Selection: Pithecanthropus Erectus (Mingus)
Note: a little light crackle in background of quiet passages
According to Mingus’ liner notes (quoted by Wiki) the title song is a ten-minute four-chapter tone poem, depicting the rise of man from his hominid roots Upright Ape-Man to an eventual downfall due to “his own failure to realize the inevitable emancipation of those he sought to enslave, and his greed in attempting to stand on a false security.” Now there was me thinking it was just a great piece of music, turns out to be a PhD in social anthropology and a political polemic.
AllMusic adds: The piece is held together by a haunting, repeated theme and broken up by frenetic, sound-effect-filled interludes that grow darker as man’s spirit sinks lower…the whole thing seethes with a brooding intensity that comes from the soloist’s extraordinary focus on the mood. Or as we say here at LJC, Great! Same thing, fewer words.
Jackie McLean (as) J.R. Monterose (ts) Mal Waldron (p) Charles (not “Charlie” as here) Mingus (b) Willie Jones (d) recorded Audio-Video Studios, NYC, January 30, 1956; Recording engineers Tom Dowd/ Hal Lustig
Asked who was playing brass on this magnificent piece, from memory, I’d have to guess – wrong. Seeing the credits – McLean and JR Monterose caught me by suprise.
Chronology: Pithecanthropus Erectus (1956); The Clown (1957); Mingus Mingus Mingus (1957); Tijuana Moods (1957); East Coasting (1957;) Jazz Portraits (Wonderland) (1959); Blues and Roots (1959); Ah Um (1959); Mingus Dynasty (1959); Mingus Presents (1960); Reincarnation of a Lovebird (1960); The Black Saint and the Singer Lady (1963); Mingus 5 (1963); Mingus at Monterey (1965).
Glancing over the Mingus chronology in an earlier post I realised I had omitted one of the master’s earliest and greatest works. What’s to do? Should I Like Pithecanthropus on Facebook? Follow #Pithecanthropus on Twitter, download The Pithcanthropus App, play Call of Duty 4: Pithecanthropus? Or just play the damn record!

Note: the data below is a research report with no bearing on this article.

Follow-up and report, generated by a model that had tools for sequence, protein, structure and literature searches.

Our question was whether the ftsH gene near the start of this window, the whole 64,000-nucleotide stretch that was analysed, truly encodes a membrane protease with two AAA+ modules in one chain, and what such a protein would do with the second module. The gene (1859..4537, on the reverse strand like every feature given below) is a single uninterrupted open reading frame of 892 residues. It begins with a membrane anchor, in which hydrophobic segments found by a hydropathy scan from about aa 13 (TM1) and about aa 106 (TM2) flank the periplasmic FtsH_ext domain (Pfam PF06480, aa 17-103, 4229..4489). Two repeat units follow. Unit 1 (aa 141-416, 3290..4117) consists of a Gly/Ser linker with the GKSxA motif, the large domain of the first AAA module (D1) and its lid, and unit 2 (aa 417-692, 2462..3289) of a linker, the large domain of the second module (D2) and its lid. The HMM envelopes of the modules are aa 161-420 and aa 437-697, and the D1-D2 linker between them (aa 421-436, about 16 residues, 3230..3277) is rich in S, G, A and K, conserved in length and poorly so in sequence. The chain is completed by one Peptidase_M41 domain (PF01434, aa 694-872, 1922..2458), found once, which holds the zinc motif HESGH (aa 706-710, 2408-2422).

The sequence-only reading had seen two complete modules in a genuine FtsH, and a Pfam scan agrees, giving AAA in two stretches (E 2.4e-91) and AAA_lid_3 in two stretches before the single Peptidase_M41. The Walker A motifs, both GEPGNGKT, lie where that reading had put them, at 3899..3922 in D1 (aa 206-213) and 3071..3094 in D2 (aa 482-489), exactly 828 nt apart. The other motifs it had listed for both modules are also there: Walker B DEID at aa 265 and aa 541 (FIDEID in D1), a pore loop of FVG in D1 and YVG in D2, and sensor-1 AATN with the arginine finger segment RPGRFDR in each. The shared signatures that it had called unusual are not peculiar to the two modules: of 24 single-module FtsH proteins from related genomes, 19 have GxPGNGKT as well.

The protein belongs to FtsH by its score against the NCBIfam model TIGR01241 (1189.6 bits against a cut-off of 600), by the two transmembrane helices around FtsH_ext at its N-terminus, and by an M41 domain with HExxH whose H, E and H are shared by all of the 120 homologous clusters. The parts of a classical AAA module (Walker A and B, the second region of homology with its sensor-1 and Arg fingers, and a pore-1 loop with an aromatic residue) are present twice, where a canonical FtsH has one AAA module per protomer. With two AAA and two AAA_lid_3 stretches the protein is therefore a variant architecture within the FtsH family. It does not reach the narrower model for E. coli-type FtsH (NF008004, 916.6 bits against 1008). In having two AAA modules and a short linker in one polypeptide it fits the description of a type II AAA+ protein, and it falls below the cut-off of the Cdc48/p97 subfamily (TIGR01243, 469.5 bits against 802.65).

The post-war years found Mingus in the rhythm section of the greats, mastering the vocabularies of bop and swing, but the breakthrough came when PE established him as a leader/ composer, a fresh new voice with ambitiously modern ideas but firmly grounded in the great jazz tradition of Ellington. Mingus has noted this was the first album where he taught arrangements to his musicians by ear in place of writing everything down. The mix of structured and improvised playing is just perfect, the tunes nag like Monks’, dddlrllieeh, the pace and energy is irresistible.
Vinyl: Atlantic 1237( US Black label) Is this the first pressing? With so many smartypants around it’s a dangerous thing to claim. But I’ll make the claim. There are worse things in life than being taken down a peg. Though to think of it, not many.
Got to love that cover, laminated artwork on heavy card, it’s a pure joy the downloaders will never know.
Source: London record shop
Browsing online I stumbled on a seller who identified themselves as a record shop in South East London I had never heard of, more inner-city than my usual orbit, who claimed to have a copy of PE on original Atlantic at a very fair price, something I had been looking for a long time.
Next morning I boarded to local bus service, travelling incognito, so as not to draw attention to myself, humming under my breath Get up, get up, stand up, get up ..err.. stand up… umm… sit down, don’t give up your seat …How does it go again?
Entering the shop I realised why I had not been here before. The jazz section was tiny, mainly 1980’s reissues, and worse – lots of fusion. Nothing collectible, and no copy of Mingus PE. I asked the manager, had they advertised a copy of Mingus PE? The manager, who turned out to be French, spoke a heavily-accented form of English common to recently arrived language students, a lingo I call “‘ow you say?” a phrase which punctuates every other sentence. Quite different from the local argot here, in which every sentence finishes with the question – You know what I mean? (rhetorical, of course)
“Mingus”? I mimed the upright bass. “Pithecanthropus…” Probably best not to go down that road, I thought. Could be taken the wrong way, international insult. No need. Instant recognition! The Basement, one minute! and promptly disappeared, returning with a beautiful laminated cover in hand. Tipping the record from its sleeve, I inspected the vinyl closely under a 150 watt bulb…only joking. Fairly clean, not perfect, a few scuffs and marks, will have some background crackle, but an acceptable VG positive. Bonding a little, I asked where in France he was from. The South – we had interests in common, and yes, he missed the sun. And for cash? I asked. He took a fiver off without blinking.
Merci monsieur, bonne journee! I was certainly going to have one, now, you know what I mean?
[Photos updated to modern standard October 8, 2016]